Stan Grant, one of the most well-known TV hosts in Australia, resigned from his position as a prime-time presenter after encountering “relentless” racist taunts. Grant claimed that although he had always experienced racism in his professional life, it got worse after he covered the King’s Coronation for the national broadcaster ABC.
The seasoned Aboriginal journalist had spoken during the reporting about how colonization had affected his people. The “grotesque” abuse directed at the host has to cease, according to the ABC. Grant, however, also asserted that his employer had failed “institutionally” to stand up for or defend him. Over the course of his four-decade journalism career, Grant has won a number of honor, and in 1992 he made history by being the first Aboriginal prime-time host on Australian commercial TV.
But on Friday, he disclosed that he will no longer be hosting the ABC’s premier Q+A panel discussion show or contributing to a weekly online blog. “Racism is unlawful. Racism is a violent act. The Wiradjuri guy wrote, “And I’ve had enough. I don’t want any part of it. I wish to locate a haven of mercy away from the media’s foul smell. In order to discuss the monarchy’s legacy, Mr. Grant claimed he was particularly invited to be a part of the ABC’s Coronation broadcast. He stated during the section that the Crown’s insignia “indicated the invasion, the theft of territory – and in our case, the exterminating war” in reference to a period of martial law in New South Wales in the 1820s that was used to justify the murder of the Wiradjuri people.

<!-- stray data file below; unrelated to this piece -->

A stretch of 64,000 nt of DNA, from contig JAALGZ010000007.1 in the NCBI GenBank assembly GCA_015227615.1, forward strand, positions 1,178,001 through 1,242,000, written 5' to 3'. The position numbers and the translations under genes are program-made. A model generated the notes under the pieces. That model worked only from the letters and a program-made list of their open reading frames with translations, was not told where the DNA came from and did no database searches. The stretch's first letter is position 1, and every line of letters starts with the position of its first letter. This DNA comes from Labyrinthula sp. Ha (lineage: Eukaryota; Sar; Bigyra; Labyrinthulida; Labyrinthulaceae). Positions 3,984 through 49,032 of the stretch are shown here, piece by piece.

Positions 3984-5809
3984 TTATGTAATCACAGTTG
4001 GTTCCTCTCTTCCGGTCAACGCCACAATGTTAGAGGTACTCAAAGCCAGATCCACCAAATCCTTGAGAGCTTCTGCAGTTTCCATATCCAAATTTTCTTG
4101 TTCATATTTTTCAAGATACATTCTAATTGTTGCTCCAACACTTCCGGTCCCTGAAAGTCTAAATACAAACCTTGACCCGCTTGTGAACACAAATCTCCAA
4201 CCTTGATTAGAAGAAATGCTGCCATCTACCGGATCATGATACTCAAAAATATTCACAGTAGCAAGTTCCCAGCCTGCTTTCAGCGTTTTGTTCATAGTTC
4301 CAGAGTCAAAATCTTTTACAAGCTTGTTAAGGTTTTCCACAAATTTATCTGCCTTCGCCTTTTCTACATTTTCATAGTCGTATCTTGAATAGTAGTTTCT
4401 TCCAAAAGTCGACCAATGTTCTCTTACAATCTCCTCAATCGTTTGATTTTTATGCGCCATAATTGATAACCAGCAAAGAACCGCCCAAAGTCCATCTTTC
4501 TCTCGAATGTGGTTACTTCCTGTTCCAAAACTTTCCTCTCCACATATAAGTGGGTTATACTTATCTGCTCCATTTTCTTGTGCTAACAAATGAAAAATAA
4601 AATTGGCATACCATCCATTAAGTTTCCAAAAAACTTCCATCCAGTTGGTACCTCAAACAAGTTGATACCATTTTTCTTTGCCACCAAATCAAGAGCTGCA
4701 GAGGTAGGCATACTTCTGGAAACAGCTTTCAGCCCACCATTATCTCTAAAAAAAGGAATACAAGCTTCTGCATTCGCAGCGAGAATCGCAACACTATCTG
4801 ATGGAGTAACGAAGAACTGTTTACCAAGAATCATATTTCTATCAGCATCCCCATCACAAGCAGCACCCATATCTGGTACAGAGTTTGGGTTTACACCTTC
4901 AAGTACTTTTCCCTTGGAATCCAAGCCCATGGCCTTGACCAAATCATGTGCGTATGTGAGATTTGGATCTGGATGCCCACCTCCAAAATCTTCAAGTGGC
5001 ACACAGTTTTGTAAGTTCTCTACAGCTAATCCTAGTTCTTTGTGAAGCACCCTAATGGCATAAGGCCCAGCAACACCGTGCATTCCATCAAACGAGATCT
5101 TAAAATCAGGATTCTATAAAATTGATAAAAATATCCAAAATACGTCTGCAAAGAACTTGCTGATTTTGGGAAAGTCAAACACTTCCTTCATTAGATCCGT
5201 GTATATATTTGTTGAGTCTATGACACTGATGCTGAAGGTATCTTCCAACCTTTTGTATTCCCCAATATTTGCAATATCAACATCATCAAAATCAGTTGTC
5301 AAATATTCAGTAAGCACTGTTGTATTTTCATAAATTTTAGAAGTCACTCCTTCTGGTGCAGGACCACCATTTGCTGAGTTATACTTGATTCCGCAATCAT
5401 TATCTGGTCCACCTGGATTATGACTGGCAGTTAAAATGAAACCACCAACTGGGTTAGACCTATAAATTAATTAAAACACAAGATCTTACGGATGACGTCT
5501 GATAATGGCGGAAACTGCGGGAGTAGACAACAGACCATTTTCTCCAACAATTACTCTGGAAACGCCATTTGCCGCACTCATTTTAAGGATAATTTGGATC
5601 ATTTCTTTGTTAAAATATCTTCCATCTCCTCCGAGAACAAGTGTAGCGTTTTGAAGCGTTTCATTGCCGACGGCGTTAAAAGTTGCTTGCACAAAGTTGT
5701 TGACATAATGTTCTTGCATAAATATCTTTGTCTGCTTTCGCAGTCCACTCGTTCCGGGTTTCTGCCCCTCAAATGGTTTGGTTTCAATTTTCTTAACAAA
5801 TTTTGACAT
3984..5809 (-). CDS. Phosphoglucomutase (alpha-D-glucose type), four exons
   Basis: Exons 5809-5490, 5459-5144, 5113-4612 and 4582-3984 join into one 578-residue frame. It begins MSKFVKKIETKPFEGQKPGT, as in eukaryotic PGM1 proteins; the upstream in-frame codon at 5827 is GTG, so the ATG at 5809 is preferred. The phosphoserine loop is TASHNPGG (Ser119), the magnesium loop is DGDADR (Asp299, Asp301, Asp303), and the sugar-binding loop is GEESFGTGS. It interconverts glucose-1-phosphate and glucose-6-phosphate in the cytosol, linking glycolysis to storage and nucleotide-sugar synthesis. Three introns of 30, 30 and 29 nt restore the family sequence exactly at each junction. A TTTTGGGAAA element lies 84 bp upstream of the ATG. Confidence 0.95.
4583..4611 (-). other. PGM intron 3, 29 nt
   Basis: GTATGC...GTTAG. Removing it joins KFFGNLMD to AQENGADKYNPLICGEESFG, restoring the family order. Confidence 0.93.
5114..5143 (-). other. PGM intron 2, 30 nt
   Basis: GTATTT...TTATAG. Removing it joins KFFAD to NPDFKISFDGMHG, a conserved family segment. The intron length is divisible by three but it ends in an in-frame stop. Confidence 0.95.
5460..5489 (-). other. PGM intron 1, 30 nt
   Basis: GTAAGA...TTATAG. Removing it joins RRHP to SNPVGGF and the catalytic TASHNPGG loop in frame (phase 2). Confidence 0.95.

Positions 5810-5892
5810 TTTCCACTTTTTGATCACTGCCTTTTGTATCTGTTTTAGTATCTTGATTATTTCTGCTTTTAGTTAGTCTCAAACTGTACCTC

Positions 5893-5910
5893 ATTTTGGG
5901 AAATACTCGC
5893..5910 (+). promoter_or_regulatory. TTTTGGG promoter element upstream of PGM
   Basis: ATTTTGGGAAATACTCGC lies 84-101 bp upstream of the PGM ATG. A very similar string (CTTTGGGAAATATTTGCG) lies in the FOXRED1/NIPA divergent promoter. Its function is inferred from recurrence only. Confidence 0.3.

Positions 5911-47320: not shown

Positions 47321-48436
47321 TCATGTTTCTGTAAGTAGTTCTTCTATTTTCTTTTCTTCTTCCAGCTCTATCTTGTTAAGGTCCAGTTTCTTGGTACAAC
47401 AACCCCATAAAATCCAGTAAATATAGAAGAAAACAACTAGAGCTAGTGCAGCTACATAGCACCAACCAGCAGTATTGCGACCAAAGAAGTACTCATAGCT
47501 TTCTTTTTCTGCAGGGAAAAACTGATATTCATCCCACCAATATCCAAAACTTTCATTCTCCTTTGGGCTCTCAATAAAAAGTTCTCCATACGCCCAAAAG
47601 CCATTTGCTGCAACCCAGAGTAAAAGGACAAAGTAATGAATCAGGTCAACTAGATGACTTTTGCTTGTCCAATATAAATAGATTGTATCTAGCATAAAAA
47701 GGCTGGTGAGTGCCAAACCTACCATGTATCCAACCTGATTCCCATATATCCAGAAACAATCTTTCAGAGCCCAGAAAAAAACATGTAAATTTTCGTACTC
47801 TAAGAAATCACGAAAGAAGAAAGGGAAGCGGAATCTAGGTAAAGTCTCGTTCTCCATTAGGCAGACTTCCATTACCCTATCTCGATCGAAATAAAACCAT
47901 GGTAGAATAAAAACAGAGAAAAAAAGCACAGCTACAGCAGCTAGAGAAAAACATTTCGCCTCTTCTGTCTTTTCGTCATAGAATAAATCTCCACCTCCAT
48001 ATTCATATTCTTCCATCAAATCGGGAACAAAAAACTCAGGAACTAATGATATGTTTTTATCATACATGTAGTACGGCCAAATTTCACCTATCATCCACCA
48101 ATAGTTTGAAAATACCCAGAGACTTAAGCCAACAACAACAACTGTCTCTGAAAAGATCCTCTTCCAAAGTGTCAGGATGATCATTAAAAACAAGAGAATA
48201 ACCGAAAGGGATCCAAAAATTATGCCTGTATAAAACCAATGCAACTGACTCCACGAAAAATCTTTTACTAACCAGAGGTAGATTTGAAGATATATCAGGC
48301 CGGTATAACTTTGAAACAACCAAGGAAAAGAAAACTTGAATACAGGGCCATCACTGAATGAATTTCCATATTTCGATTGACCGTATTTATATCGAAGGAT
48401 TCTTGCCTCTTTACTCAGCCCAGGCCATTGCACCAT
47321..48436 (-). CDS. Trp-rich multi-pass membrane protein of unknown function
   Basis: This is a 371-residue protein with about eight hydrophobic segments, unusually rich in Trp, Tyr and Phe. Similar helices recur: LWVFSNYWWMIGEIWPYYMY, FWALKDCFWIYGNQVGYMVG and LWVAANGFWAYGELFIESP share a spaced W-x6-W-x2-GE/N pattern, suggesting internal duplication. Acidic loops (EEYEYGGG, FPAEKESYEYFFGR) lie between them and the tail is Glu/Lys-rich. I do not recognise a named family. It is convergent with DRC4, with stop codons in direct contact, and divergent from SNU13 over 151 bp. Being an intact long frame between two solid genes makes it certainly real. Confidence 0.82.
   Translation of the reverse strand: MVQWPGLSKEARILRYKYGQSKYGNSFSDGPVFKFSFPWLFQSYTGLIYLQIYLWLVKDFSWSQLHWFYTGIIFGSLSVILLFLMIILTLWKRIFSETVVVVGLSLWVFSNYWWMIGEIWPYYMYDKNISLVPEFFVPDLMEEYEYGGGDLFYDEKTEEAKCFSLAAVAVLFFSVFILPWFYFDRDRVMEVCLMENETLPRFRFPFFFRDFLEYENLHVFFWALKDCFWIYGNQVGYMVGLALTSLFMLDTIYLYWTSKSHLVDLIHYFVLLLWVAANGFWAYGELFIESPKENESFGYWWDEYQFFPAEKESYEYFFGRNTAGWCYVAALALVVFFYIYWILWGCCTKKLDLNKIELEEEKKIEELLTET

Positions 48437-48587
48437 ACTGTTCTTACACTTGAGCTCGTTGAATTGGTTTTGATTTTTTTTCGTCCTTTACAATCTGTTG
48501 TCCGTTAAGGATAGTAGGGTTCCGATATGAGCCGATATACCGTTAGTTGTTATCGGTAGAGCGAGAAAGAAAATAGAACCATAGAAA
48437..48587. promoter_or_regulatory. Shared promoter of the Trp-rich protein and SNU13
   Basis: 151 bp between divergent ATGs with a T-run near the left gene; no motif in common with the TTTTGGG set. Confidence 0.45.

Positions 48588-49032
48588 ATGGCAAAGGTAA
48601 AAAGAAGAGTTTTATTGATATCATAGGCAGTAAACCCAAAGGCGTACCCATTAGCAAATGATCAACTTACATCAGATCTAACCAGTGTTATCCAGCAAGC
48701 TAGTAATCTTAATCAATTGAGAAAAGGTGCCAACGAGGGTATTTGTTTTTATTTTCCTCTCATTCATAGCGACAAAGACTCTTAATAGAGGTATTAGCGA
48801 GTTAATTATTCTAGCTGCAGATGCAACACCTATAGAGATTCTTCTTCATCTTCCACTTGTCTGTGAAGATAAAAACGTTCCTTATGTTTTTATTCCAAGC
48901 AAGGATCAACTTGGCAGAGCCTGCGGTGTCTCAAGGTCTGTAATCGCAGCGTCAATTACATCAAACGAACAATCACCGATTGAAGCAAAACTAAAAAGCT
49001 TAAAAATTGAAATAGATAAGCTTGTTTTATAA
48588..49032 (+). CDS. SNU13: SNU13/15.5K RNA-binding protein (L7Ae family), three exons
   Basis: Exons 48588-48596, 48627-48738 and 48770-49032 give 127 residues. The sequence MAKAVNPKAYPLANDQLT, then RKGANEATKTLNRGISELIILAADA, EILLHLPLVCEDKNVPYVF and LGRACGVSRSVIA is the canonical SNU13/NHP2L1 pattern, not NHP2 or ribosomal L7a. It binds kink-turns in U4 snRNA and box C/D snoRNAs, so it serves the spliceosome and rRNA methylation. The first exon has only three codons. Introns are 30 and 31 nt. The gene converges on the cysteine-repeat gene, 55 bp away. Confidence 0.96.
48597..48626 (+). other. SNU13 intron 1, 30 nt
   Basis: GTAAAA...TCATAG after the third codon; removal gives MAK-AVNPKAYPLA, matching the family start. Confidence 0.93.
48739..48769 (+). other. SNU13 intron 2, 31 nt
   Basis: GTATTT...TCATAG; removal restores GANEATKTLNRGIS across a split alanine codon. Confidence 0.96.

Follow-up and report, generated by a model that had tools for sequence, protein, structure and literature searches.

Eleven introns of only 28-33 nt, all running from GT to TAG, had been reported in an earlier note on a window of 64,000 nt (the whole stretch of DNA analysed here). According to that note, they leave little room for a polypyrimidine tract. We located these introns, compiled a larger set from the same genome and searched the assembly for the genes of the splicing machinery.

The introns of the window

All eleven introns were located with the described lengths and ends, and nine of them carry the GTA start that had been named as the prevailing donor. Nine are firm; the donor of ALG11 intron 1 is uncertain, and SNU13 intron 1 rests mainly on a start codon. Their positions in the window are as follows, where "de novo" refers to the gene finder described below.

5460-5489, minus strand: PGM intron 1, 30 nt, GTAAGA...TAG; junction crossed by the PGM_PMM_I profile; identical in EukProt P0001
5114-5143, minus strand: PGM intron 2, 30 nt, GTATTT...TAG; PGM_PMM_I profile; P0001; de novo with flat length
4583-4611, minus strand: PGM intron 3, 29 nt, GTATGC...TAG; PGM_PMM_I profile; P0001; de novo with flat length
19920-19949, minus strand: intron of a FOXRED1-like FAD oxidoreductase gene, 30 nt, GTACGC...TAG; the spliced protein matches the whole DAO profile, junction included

Online debate over the topic caused dissent, and some viewers registered complaints to the ABC over its appropriateness. On Friday, Grant accused some “people in the media” of misrepresenting him and painting him as “hate filled,” which he claimed led to an upsurge in racial abuse directed at him. While expressing regret if his personal remarks had offended anyone, he said that he had only stated the “hard realities” out of love for Australia. No one has spoken up for the general populace at the ABC. The lies that have been said or written against me have received no public rebuttal from any ABC executive,” he claimed. Grant was referred to as “one of Australia’s greatest and most renowned journalists” by ABC News director Justin Stevens in a statement, who also called his behavior “abhorrent.”
Stevens responded that “the ABC stands by him,” but he did not address Grant’s criticism of the organization. The news director continued, expressing sadness that the Coronation segment had evoked “a strong response from some viewers.”
He emphasized that any grievances, criticisms, or hostility regarding the reporting should be addressed to me and not to him, and that the ABC will continue to submit threats to police. Grant’s revelation has led to a flood of accolades from colleagues in the media business. “Stan Grant is a respected journalist, a national hero, and an icon of Australia. A newspaper columnist named Sean Kelly remarked, “This is a sad and disgusting outcome.